Q. I’ve received emails from my bank that I suspect are fraudulent, but I’m nervous about ignoring them. What should I do?

A. First, check the sender’s email address for misspellings. Fraudsters trying to lure you with a phishing scam might use an address that’s similar to a company’s official one, but not exactly the same. It’s not a foolproof tactic, though, because some crooks can completely “spoof” an email address. But you can be certain that a U.S.-based organization’s email address won’t include a domain extension from a different country (such as .ru for Russia or .br for Brazil). Many phishing attempts originate abroad, often from non-native English speakers, so poor spelling and awkward sentence structure in the body of the email could be another telltale clue.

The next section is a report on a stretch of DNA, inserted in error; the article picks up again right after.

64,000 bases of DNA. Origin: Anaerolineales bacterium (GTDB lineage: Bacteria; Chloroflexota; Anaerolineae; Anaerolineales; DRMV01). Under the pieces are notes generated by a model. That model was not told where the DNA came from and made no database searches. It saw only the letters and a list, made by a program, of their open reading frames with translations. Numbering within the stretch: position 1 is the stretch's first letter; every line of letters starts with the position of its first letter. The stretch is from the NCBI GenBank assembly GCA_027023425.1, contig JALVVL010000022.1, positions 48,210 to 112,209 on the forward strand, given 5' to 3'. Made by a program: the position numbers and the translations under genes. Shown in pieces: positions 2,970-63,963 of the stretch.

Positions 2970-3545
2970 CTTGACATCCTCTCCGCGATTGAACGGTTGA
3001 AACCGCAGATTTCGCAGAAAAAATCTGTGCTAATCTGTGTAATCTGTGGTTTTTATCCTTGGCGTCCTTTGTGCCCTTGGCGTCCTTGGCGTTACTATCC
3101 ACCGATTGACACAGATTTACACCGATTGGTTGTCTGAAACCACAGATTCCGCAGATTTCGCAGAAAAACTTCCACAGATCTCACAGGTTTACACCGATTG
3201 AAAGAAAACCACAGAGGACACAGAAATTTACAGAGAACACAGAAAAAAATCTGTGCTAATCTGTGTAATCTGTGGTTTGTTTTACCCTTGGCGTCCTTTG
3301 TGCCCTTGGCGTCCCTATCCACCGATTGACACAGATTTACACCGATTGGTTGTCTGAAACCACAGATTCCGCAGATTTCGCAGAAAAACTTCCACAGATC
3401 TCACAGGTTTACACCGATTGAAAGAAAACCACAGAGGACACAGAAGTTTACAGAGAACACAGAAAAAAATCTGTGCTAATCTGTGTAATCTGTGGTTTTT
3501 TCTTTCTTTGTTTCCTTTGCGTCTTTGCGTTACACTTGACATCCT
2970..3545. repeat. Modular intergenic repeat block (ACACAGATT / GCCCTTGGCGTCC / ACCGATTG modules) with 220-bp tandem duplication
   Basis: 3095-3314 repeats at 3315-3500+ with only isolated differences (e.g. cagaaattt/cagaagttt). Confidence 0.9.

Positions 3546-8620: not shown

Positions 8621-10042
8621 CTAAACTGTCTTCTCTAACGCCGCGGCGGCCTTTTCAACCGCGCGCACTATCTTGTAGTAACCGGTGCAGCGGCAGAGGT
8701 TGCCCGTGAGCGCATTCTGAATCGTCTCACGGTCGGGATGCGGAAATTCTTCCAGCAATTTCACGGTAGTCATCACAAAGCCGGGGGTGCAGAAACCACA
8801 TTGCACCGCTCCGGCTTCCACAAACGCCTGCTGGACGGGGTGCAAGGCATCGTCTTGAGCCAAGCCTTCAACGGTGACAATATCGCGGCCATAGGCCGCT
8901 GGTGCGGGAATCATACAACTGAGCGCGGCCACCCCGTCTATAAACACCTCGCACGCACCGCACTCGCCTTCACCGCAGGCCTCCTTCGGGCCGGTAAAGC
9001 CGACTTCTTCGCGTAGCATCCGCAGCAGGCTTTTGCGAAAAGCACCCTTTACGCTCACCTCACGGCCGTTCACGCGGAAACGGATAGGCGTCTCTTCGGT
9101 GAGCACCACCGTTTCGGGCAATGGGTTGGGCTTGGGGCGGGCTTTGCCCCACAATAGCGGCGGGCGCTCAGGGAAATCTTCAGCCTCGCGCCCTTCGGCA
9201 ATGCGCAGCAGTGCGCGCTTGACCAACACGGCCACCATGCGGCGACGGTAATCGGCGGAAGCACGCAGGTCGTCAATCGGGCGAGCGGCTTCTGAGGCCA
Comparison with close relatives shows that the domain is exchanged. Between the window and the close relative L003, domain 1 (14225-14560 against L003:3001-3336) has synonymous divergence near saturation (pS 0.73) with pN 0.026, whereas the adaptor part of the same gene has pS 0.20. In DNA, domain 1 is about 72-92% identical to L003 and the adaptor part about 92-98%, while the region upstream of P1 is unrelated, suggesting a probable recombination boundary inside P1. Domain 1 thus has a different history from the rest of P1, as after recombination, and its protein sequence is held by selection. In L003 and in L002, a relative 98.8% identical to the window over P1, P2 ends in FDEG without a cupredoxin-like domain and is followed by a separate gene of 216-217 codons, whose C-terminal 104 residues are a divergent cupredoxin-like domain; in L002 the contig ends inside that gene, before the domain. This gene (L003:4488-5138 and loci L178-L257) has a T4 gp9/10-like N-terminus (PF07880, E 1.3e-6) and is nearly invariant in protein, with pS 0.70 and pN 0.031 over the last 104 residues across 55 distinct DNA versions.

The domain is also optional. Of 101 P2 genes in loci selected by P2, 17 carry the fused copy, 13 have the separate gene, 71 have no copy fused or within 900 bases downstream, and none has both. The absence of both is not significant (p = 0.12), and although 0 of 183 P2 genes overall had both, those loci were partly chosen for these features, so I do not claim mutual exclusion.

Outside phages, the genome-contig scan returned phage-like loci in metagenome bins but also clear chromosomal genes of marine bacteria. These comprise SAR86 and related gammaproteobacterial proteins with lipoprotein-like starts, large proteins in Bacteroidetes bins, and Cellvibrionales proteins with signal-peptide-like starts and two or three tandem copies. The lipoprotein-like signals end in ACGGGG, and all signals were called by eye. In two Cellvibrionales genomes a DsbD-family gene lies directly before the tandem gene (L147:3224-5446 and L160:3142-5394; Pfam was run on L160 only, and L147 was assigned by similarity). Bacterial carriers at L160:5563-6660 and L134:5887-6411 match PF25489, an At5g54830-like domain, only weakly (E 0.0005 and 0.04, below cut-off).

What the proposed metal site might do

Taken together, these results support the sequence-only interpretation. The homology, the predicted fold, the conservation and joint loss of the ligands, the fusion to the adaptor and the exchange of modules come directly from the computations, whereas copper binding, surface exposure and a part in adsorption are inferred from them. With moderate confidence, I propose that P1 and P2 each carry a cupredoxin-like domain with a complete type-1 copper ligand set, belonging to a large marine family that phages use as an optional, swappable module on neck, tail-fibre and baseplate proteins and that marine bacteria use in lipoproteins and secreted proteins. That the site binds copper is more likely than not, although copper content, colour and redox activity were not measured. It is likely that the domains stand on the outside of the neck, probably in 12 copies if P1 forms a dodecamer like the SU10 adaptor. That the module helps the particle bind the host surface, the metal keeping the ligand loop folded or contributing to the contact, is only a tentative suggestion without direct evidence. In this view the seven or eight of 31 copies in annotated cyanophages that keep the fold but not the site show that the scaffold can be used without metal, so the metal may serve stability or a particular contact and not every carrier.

Hovering your cursor over links in the email’s text will reveal a code showing where the link really leads. If it doesn’t include the company’s domain name before the first forward slash (/), don’t click on it. And last, if the email asks you to verify or provide personal information such as credit card and bank account numbers, your Social Security number, or passwords, it’s definitely a fraud, says the Federal Trade Commission. If you’re still in any doubt about whether the email is legit, reach your bank directly; check the contacts page on its website.

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Editor's Note: This article also appeared in the September 2016 issue of Consumer Reports magazine.